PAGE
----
Technology Aids In Identifying Maine Snakes

ArrayAugust 27, 2018 at 12:45 pm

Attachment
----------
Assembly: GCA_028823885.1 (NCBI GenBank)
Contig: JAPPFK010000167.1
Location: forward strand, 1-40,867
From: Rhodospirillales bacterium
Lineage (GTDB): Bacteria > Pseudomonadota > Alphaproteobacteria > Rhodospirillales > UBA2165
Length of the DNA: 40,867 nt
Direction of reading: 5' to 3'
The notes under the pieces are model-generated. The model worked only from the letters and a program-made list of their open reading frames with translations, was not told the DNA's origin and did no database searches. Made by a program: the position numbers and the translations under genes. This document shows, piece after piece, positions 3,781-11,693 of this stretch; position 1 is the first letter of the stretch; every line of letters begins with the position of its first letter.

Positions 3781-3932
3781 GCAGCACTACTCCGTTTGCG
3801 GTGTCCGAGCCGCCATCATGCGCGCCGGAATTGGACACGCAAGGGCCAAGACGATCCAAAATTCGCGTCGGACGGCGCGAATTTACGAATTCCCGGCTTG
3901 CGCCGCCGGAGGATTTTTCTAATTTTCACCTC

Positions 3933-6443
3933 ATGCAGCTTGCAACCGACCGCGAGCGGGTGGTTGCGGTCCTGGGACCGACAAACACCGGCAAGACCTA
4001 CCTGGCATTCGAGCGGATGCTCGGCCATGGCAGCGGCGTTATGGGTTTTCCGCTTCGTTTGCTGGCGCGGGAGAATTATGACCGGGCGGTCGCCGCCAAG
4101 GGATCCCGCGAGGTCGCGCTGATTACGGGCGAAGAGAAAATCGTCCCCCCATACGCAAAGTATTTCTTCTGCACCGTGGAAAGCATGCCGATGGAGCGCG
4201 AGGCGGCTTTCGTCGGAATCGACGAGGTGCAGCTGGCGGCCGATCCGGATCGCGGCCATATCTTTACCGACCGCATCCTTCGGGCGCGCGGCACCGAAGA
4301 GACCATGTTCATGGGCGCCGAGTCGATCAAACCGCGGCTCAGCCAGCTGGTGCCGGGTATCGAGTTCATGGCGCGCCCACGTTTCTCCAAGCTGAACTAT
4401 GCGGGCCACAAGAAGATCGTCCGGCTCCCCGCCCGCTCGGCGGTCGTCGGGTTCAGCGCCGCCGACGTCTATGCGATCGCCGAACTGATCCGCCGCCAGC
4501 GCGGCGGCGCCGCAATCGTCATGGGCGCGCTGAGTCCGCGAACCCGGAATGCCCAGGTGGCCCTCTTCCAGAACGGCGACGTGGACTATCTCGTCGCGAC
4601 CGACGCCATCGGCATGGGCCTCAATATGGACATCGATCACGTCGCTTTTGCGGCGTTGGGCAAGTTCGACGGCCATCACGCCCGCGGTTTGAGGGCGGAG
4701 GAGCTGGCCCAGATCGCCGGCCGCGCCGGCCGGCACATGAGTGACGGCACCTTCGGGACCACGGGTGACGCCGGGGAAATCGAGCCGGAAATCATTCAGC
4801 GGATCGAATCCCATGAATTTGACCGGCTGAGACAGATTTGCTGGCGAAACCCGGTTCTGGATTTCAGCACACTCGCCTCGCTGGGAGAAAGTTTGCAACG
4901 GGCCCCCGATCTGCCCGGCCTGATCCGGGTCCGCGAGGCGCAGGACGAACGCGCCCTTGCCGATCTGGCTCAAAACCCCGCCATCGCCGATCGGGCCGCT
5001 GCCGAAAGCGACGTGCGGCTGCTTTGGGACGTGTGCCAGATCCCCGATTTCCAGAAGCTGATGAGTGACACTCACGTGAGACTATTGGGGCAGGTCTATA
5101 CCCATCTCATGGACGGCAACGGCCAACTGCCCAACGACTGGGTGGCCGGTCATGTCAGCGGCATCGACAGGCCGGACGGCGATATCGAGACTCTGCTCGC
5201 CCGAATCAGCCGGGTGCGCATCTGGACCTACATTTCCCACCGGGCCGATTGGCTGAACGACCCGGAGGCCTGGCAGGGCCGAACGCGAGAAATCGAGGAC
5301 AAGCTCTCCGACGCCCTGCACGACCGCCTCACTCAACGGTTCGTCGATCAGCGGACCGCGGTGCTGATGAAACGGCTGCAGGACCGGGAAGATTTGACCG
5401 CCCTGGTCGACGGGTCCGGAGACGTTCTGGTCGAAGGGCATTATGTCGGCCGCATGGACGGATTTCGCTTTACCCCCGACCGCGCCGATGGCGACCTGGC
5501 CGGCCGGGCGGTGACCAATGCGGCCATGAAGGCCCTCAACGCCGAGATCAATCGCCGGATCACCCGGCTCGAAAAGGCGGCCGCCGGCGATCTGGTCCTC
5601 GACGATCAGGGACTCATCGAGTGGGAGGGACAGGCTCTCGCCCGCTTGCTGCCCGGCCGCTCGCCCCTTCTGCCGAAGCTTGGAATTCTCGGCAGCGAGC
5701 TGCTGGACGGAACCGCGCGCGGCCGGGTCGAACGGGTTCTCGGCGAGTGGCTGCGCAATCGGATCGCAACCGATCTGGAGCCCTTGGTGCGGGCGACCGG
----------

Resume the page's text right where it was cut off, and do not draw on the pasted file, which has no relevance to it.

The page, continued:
[caption id="attachment_3062" align="alignright" width="458"] An Eastern Milk Snake.[/caption] By Assistant Regional Wildlife Biologist Kendall Marden “Its brown and black with diamond patterns on its back and it is a couple of feet long!”  That's the usual statement received by MDIFW Biologists and Game Wardens from concerned callers who have come across an unidentified snake. The first step to trying to answer the caller’s questions is to identify what species of snake they have encountered. Given that several of the species of snakes found in Maine have some sort of alternating color pattern along their back and brown, black, or grey colors, it can be difficult to identify the offending animal from the commonly provided description.  Thankfully, today’s technology often provides the opportunity for pictures to be taken and sent to us, which greatly enhances our ability to distinguish the species in question.  Occasionally, callers will even report that the snake the saw raised its head and rattled its tail! But, don't worry! Although evidence indicates that timber rattlesnakes long ago called Maine home, they do not live here now. Milk snakes are typically various shades of brown and tan (sometimes reddish) with distinctly darker brown saddles edged with black. Their underside is a pale black and white checkerboard.  They are colloquially known as milk adders and falsely accused in farm lore of latching onto a cow’s udder and stealing milk.  Eastern milk snakes do live in Maine and often portray themselves as a rattlesnake. They are, however, not venomous. In fact, they are constrictors and kill larger prey items like mice by entangling and swallowing. If you do find that a snake in Maine is acting like a rattlesnake it most likely an eastern milk snake.  Most snakes in Maine are not generally aggressive although, on occasion, northern water snakes have been known to give a short chase if they are surprised by someone at a close distance.  If you are unable to answer your questions about a snake and end up contacting us for assistance, be sure and take picture to send along with your inquiry. One such example recently where this was very helpful was when a caller sent a photo of a snake that at first glance appeared to be an exotic and potentially illegal venomous snake but upon close inspection turned out to be a rubber toy! [caption id="attachment_3061" align="aligncenter" width="480"] This rubber toy was spotted recently and caused momentary concern of an escaped and potentially illegal exotic snake.[/caption] For more information on snakes in Maine visit